Sometime before 2011, the UK government was given access to Prism, a US system tracking people's online activity. In one year it compiled 197 intelligence dossiers on the back of it.
We know very little else. GCHQ may have simply provided the US with information based on the system or been given tip offs based on what was discovered there. That would be relatively safe legal territory for British intelligence.
Or it may have made requests itself, which would break the law and amount to a covert creation of a snoopers' charter based in a foreign state. Or it could have been given access to the blanket coverage of the system, which is capable of scanning emails, photographs and social media messages.
We won't know more until William Hague faces the Commons later and probably we won't even know much more after that. Hague is able to rely on the innate secrecy of intelligence arrangements.
And therein lies the problem. The very same people who told us Prism does not exist are now telling us we have nothing to fear from it.
"If you are a law-abiding citizen of this country going about your business and your personal life, you have nothing to fear about the British state or intelligence agencies listening to the contents of your phone calls," Hague told the BBC.
Hague will have to excuse us from our sighs of relief. One rule stands above all others in matters of privacy and national security: Never trust the intelligence agencies.
This is not because they are sneaky curtain-twitchers or malevolent spies. Intelligence agencies do vital work protecting Britain from attack and they are right to want to do their job better. It is understandable that they should want more access to information which would help them make their investigations easier and more effective. It is not their job to police themselves. That is the job of ministers and one they have singularly failed at.
Security agencies cannot be trusted to make a decision on appropriate levels of surveillance. And yet, under New Labour and the coalition, they have had the ear of ministers without sufficient balance from civil liberties advocates and privacy groups.
Handing the intelligence agencies the responsibility of finding an appropriate balance between privacy and security is as foolhardy as handing it entirely to Liberty or Privacy International.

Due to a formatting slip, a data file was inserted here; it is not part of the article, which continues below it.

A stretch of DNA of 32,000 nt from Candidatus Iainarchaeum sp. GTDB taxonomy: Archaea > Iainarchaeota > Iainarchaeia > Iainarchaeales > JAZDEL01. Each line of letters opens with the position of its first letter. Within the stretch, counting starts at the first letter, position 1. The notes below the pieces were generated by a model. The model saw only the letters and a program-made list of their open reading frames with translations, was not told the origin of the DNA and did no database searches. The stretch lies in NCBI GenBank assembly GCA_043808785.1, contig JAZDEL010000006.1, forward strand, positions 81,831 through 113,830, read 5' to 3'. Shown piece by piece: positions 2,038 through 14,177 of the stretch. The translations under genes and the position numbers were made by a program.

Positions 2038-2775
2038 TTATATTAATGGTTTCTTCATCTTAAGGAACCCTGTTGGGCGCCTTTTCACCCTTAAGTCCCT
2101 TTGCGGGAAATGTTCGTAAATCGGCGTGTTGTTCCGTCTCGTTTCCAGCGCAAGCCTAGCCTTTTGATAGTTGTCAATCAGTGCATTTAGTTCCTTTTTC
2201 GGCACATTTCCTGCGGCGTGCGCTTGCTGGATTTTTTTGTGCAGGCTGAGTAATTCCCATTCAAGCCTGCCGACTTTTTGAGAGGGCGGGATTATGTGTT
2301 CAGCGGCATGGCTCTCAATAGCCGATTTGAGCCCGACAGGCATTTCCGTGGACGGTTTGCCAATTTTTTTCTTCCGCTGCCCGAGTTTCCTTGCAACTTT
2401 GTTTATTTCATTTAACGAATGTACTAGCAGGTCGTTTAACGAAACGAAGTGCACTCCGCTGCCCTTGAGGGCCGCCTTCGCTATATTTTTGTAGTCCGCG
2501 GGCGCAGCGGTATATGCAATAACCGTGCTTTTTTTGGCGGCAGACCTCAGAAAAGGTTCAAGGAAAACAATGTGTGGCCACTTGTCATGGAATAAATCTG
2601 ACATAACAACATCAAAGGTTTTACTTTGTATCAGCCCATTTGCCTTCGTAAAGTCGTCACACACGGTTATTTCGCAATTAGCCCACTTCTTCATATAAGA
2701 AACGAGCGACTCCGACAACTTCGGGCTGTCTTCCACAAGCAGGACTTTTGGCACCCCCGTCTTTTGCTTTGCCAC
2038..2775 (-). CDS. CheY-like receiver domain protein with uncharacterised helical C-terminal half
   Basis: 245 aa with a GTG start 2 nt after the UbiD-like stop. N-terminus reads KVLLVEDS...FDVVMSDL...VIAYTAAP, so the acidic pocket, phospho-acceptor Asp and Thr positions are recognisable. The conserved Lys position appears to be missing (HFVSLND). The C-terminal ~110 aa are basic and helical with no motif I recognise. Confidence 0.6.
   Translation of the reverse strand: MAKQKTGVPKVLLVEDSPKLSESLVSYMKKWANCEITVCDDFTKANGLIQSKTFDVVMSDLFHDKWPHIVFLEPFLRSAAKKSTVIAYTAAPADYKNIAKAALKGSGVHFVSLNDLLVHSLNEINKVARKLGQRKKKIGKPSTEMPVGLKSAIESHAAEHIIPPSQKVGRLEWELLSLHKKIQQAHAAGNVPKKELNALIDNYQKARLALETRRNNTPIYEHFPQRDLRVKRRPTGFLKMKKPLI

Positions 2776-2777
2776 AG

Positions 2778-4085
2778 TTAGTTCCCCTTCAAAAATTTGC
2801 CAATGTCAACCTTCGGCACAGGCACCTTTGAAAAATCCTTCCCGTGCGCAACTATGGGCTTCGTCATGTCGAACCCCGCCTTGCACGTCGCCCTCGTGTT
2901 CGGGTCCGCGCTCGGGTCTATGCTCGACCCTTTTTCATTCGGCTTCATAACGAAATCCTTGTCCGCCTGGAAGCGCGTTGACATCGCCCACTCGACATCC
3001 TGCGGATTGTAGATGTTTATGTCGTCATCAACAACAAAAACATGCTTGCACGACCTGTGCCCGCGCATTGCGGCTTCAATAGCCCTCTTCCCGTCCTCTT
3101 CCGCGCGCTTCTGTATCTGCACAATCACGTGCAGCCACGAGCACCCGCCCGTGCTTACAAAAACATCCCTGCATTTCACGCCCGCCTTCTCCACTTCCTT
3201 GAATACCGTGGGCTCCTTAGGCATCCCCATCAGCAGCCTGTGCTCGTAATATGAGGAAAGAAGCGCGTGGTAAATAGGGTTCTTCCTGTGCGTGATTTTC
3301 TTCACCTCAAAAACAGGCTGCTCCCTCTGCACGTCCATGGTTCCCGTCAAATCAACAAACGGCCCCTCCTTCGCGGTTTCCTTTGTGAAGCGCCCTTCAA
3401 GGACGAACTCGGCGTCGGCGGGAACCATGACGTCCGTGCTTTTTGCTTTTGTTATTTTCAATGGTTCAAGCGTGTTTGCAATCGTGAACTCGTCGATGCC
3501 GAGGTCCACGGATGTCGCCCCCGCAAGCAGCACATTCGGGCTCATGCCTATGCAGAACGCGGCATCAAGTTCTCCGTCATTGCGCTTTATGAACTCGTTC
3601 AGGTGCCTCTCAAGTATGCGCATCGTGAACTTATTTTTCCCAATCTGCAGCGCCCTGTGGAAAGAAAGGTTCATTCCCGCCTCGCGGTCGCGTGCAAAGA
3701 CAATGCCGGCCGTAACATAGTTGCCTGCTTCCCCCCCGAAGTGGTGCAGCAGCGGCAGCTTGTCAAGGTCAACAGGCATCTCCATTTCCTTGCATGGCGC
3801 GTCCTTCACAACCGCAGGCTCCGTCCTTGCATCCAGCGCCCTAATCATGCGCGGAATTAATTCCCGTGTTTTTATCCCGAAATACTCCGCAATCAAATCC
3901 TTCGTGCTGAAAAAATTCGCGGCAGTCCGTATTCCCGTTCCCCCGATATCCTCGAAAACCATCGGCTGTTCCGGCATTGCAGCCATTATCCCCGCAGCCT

It is the job of government, parliament, the press and the public to establish how we want to balance security and privacy.
But instead the political message of recent years has been to trust the security agencies to come up with the right balance themselves. They are uniquely badly placed to do so.
You can see their dirty fingers everywhere. They are present every time the word 'trust' is used. The use of the word 'trust', or its inference, is an alarm system in debates about civil liberties and privacy.
For a long time the snoopers' charter debate had no concrete proposal behind it. Theresa May would respond to all questions with the refrain that we had to catch paedophiles and terrorists – an argument which no sane person would ever challenge. She would never respond to concrete questions about the technology to be used, so we were unable to do anything but guess what the repercussions on privacy would be.
Wherever there is a lack of concrete detail, wherever the bogeymen of paedophilia and terrorism are invoked to avoid questioning, trust is being requested. And as soon as they ask for trust, you should take a good hard look around. If you can't see who is getting screwed, it's probably you.
Trust. That is always the refrain of the security industry and its pet ministers. It is the oldest, weakest argument in the book: 'If you've nothing to hide, you've nothing to fear.'
This ignores several questions: Who decides what there is to hide and fear? Who establishes whether intelligence agencies have to hide? These are basic questions about the allocation of executive power.
Hague's statement will again ask you to trust the intelligence agencies. But they never told you about Prism and now they won't tell you how they use it. The extent to which you trust them is precisely the extent to which they violate your rights.